News You Can Use
HEAR monitors news about bullying and efforts to combat it. Below are some recent articles that stand out and resonate with the HEAR approach.
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October 20, 2016
Born to Iranian immigrants, Andrew Nikou grew up outside of Los Angeles, where his dad worked in the city’s water and power department. Things weren’t easy. The family didn’t have a lot of money, and Nikou was the target of harsh bullying in elementary and middle school.
News 10 ABC
October 18, 2016
A national training program is being offered at an area BOCES where they want every one of their students from the 31 districts it serves to “hear” one very important message. The F. Donald Meyers Education Center teaches everything from computer technology to heavy equipment operation, but Tuesday’s topic they feel is something that every student should learn.
October 20, 2016
Spirit Day was last week, which is a day when people take stand against bullying and show their support for LGBTQ youth by “going purple.” Take a look at NBC OUT’s infographic about bullying of LGBTQ youth.
October 5, 2016
October is National Bullying Prevention Awareness Month, and in a new push to instill such awareness in youth, The Ad Council’s “I Am A Witness” campaign has launched a new “social good emoji.”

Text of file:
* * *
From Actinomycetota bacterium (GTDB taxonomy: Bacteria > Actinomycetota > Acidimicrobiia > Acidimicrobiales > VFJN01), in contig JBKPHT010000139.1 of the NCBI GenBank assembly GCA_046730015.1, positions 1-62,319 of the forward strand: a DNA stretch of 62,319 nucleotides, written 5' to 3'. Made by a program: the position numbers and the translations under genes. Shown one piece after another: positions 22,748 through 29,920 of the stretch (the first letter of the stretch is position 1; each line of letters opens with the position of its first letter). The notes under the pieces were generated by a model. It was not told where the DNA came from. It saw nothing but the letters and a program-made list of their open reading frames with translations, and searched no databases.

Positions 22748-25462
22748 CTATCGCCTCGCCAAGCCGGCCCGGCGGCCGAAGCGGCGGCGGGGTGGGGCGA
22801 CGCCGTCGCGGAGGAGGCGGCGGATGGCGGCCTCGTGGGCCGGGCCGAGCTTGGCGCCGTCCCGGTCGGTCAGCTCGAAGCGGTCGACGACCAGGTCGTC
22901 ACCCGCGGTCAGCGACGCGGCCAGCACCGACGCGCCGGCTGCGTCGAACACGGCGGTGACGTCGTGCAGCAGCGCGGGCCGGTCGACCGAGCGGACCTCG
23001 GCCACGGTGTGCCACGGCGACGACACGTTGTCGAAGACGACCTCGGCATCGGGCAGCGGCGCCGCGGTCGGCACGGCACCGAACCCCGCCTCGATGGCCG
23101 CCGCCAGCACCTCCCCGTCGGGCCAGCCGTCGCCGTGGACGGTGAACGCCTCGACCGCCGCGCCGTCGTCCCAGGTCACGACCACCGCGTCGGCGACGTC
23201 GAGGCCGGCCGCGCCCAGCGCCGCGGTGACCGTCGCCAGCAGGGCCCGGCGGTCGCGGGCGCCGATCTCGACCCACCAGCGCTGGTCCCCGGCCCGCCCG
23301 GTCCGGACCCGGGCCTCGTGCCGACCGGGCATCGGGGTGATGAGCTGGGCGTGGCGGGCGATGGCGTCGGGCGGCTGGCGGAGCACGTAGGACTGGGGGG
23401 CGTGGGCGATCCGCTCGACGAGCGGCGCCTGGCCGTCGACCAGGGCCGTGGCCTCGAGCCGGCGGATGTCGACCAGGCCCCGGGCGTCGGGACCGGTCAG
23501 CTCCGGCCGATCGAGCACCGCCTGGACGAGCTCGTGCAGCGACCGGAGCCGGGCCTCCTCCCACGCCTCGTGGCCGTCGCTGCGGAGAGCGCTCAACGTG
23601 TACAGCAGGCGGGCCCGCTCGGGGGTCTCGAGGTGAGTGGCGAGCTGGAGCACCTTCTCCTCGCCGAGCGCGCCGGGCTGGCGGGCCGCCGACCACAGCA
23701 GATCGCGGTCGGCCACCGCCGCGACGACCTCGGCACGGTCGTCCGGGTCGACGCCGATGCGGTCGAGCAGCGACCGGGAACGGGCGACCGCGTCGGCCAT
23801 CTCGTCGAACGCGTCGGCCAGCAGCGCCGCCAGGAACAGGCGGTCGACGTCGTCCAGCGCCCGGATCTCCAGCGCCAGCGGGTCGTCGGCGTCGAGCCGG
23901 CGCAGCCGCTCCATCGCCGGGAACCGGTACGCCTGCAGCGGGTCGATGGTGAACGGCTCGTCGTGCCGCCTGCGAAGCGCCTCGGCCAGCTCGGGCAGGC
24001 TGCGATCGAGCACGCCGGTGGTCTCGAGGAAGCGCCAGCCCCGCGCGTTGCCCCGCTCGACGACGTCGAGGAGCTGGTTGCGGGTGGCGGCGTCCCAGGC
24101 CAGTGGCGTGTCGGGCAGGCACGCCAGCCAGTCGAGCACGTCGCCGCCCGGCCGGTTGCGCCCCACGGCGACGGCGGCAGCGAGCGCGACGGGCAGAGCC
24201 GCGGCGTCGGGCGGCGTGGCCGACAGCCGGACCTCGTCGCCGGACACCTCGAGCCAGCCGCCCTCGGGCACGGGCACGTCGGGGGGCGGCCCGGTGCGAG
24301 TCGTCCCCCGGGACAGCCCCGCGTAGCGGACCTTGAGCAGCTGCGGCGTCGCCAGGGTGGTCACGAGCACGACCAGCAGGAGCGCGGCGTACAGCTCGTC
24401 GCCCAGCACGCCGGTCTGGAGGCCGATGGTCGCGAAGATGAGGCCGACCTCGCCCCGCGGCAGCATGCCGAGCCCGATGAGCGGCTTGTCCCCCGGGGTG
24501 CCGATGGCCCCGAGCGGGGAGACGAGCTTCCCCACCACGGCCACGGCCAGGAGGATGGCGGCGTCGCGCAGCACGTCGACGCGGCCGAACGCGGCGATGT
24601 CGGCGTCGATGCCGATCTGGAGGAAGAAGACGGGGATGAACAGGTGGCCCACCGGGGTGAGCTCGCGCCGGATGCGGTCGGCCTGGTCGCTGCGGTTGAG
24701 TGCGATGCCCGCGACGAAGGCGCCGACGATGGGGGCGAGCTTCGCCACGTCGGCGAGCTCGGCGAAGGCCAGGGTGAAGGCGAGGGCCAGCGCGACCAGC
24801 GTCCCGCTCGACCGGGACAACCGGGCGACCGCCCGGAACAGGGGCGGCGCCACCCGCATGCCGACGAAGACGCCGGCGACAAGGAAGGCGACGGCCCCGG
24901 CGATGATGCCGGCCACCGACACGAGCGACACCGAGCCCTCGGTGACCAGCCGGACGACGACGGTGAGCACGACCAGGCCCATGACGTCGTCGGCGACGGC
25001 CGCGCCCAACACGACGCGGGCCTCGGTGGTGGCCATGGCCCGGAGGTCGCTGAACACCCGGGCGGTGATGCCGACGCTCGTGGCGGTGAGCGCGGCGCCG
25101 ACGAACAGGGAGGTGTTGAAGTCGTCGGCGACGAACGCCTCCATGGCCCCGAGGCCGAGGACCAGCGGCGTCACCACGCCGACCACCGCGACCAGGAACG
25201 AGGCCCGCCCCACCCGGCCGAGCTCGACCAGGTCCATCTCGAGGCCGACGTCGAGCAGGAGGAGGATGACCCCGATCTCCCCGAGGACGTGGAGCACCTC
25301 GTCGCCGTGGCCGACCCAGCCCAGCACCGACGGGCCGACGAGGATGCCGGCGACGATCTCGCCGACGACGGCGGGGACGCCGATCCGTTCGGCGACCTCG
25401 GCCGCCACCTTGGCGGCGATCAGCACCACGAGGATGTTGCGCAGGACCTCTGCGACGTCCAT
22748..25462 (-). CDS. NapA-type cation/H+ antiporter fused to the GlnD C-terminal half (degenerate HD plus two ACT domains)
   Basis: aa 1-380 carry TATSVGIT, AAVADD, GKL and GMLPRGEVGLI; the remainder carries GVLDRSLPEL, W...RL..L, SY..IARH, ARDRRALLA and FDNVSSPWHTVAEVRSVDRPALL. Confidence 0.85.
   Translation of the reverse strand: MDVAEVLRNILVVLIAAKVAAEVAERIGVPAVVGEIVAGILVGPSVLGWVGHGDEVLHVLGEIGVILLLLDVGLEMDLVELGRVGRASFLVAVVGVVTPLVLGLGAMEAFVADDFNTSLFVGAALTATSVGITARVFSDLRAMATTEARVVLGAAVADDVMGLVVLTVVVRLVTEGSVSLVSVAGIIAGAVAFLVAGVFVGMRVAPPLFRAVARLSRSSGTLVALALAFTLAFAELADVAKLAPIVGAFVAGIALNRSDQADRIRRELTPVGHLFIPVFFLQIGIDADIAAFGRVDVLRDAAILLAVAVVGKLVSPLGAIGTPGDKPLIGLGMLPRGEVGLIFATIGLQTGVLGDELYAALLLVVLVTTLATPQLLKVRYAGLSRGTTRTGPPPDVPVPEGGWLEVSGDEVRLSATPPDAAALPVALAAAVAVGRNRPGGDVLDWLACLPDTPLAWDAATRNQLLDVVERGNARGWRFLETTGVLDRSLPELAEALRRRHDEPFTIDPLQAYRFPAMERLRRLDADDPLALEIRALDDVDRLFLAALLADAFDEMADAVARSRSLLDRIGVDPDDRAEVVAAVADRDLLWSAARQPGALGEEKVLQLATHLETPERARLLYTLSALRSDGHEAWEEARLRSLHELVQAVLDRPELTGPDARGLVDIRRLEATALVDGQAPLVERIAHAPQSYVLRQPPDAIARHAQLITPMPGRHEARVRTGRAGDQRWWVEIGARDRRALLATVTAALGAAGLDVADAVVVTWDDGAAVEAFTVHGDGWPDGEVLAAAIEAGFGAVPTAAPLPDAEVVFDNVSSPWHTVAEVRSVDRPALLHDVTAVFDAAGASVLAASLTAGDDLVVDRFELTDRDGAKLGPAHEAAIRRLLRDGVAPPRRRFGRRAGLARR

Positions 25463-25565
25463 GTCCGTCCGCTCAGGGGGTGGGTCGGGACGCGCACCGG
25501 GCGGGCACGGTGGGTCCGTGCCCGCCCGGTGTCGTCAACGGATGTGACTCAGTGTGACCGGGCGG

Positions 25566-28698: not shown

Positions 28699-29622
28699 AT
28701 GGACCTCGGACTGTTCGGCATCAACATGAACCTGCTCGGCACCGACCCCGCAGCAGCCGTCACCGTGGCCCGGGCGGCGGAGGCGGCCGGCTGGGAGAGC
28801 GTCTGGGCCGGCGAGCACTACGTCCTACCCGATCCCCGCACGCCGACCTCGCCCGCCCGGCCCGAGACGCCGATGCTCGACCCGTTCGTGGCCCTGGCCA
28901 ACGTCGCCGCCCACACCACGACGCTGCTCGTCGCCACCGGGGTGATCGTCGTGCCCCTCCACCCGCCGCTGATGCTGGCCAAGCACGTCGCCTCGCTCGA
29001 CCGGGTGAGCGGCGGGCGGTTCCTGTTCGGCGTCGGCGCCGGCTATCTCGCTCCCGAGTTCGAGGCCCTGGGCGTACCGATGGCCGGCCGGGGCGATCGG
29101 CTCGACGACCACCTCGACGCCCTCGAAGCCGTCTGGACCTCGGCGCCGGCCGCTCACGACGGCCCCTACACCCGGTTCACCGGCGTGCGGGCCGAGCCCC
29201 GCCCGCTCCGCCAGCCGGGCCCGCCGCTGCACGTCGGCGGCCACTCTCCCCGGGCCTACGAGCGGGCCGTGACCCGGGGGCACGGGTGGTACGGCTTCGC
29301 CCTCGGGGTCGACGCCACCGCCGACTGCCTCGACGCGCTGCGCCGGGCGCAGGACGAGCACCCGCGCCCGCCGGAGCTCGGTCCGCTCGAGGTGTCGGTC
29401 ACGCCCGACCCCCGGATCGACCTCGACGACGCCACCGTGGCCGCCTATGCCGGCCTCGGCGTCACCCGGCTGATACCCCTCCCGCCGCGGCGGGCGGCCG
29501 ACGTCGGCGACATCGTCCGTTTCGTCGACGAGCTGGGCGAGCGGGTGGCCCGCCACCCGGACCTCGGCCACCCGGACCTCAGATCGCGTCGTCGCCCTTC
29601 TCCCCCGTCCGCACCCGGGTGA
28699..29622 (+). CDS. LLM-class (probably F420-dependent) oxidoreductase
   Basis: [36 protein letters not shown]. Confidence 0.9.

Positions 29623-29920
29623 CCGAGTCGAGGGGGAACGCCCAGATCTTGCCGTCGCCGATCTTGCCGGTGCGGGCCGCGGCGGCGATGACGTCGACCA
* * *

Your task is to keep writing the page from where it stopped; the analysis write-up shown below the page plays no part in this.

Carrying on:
October 16, 2016
In conjunction with National Bullying Prevention Month this October, a nonprofit called YouthTruth released data gathered from 80,000 students in 21 states between the fall of 2012 and the spring of 2015. Their schools, which pay YouthTruth to conduct candid, anonymous surveys of students, are split among urban, suburban and rural areas, are varied in wealth and size, and span the country from the East to West coasts, the South and the Midwest.
October 17, 2016
Parents and teachers are worried. They believe that today’s kids are growing up in an unkind world and that learning to be kind is even more important than getting good grades. But, when it comes to defining “kind,” parents and teachers don’t always agree. That’s according to a new survey of some 2,000 parents and 500 teachers from the educational nonprofit behind Sesame Street, Sesame Workshop.
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